Day 44

The old man must have compiled the book when he was here, in San Sibilia.

Why did he hate it when I dreamed of the city? What happened to him here?

The one time he sounded honest about it, he was deep in his drink. He said the city existed beyond any maps. He said everyone leaves San Sibilia eventually, and whatever the city gives you of itself, it takes back before you go. It took his lover from him, and I suppose he never forgave it for that.

Day 48

We were so close. Our garden, our tiny city among the rocks. We had nearly filled it to the edges of the map.

This morning, my threadbare sheets had become fine silk. The once worn carpets were thick and soft. The room was no longer faded.

I went down to the dining room, and ate the finest breakfast I have ever had. The silver is spotless; the china, pristine. My fellow bohemians and shabby travelers are all gone, replaced by ladies with jewels and corsets, and men with kid gloves and pocket watches. The hotel is in its prime again, and only I am out of place.

Siegfried is gone. The book is gone. The park is gone. It is now stately rows of graves. In the far corner, lording over this city of the dead, is a single grand mausoleum.

I walked the perimeter of neatly trimmed trees. Did the names on the graves match the names of the city? Thoroughfares and boulevards, markets and mansions? Or did I imagine it?

In any case I came upon a pair of graves, and the names were ones I recognized. One was Gustav the map-maker, my old master. Beside it, one named Paolo.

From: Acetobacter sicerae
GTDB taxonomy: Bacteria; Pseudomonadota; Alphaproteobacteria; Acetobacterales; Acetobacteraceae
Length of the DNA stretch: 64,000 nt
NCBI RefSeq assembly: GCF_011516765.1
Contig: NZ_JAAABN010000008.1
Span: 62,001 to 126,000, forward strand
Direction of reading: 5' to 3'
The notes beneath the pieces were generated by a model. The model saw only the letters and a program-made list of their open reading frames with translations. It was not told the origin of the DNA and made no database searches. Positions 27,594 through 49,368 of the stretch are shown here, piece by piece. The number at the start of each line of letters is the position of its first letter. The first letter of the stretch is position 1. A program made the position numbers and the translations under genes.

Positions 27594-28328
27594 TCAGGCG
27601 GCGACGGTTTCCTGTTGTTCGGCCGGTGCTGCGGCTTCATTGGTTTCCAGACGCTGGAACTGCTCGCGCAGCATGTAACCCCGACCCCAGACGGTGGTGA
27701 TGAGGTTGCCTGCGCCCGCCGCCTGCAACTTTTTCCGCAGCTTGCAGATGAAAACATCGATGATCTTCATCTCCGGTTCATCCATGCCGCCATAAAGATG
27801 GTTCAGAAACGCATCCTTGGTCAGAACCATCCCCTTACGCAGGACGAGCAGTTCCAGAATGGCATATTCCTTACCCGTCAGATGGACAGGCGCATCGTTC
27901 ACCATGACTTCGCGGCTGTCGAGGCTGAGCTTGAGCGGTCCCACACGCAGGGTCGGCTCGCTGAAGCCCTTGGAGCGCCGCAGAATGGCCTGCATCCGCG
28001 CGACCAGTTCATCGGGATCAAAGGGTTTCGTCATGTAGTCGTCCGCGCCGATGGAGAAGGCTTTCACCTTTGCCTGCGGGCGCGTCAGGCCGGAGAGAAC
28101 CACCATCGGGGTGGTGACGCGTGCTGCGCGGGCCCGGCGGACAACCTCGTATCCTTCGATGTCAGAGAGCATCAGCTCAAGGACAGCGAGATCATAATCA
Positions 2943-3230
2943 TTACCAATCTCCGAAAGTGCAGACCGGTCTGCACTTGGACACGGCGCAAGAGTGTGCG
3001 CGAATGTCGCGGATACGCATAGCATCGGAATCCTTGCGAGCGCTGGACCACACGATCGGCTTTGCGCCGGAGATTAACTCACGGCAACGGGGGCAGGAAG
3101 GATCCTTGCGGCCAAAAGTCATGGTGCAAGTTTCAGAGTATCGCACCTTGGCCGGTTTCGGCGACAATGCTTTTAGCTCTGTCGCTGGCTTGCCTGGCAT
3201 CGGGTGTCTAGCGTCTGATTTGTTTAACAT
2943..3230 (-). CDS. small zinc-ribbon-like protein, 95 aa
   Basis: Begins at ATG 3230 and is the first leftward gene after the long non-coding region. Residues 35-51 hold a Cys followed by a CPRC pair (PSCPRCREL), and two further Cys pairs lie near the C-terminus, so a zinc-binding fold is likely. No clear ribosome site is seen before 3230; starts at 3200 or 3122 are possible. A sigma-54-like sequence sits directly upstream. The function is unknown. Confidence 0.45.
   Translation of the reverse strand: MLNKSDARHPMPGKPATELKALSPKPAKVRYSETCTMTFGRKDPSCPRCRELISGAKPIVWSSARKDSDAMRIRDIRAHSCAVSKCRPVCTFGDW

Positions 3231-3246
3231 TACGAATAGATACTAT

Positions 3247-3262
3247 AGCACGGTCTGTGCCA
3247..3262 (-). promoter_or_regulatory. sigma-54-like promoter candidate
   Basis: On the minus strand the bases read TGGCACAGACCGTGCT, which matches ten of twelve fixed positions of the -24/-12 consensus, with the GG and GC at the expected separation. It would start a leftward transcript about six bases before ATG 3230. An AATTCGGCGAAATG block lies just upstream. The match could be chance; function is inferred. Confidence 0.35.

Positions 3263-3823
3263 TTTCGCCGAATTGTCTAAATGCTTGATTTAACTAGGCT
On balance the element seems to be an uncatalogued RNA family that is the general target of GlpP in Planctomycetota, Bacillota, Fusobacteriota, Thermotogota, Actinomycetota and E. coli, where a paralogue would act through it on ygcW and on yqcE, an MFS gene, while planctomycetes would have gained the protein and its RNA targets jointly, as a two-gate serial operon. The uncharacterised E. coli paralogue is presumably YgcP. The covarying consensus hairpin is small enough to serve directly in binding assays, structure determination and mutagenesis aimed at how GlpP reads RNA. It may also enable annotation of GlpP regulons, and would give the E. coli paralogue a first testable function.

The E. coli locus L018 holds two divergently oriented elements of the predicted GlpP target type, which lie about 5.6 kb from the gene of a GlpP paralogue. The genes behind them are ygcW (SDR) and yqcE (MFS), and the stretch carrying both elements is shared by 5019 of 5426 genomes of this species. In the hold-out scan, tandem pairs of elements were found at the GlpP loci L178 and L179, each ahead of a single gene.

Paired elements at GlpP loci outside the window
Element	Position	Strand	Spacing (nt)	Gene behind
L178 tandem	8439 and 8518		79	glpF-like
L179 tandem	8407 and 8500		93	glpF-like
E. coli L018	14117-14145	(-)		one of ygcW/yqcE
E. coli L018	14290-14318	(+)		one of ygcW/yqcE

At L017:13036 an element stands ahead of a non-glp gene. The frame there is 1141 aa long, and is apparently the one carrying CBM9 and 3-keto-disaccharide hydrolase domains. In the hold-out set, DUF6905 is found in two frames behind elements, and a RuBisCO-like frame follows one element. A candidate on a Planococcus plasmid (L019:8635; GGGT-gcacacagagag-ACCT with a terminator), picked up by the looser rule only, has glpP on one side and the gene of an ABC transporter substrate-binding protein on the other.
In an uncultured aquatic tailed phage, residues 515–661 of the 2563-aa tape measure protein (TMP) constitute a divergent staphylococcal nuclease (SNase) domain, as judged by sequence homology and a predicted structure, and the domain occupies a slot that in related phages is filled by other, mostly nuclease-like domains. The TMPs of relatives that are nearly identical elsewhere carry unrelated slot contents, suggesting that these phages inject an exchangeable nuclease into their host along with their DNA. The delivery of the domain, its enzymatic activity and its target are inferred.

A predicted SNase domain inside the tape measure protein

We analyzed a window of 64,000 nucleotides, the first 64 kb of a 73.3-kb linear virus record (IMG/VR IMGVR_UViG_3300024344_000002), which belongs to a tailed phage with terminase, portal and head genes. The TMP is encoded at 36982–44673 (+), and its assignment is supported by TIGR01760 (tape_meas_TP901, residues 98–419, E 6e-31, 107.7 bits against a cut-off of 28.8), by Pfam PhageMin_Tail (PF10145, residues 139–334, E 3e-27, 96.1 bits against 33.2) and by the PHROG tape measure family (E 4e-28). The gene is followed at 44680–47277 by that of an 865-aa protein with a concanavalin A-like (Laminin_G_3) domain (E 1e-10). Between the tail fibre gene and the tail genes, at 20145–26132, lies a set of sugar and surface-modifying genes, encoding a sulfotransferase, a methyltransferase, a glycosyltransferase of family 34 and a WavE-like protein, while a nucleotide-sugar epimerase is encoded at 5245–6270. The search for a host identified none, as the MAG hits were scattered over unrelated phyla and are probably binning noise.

Day 49

He was right. San Sibilia only loans out happiness, purpose, love. Now it has taken them back.

It is time for me to go. If I am lucky, perhaps, I will return some day and live out what time I have left in this city that has made me love it, and then spurned my love and turned me away.

It is sunset, and my little boat follows the slow currents of the canal. In the shadows beneath one of these bridges I will find that black portal that brought me here, and I will return to the place I came from.

There is one thing I take with me, if the city wills it: a ball that swirls with white cloud, green land, and blue seas.

San Sibilia

I recently purchased the Bundle for Ukraine on Itch.io, which included a number of video games, but also contained an unexpected number of tabletop RPGs and other things. One of those things is called A Visit to San Sibilia.

A Visit to San Sibilia describes itself as

a solo journaling game in which you roleplay a character chronicling their visit to the city of San Sibilia. It is a city not found on any maps—San Sibilia is both part of and distinct from our world. The city manifests itself differently to every visitor.

I wouldn’t exactly call it a solo TTRPG. It’s more like a semi-randomized writing prompt. The game starts with a description of the city. Which continent is it on? What is the time period? It is tantalizingly vague. The city is a mystery, and you are left to answer those questions for yourself.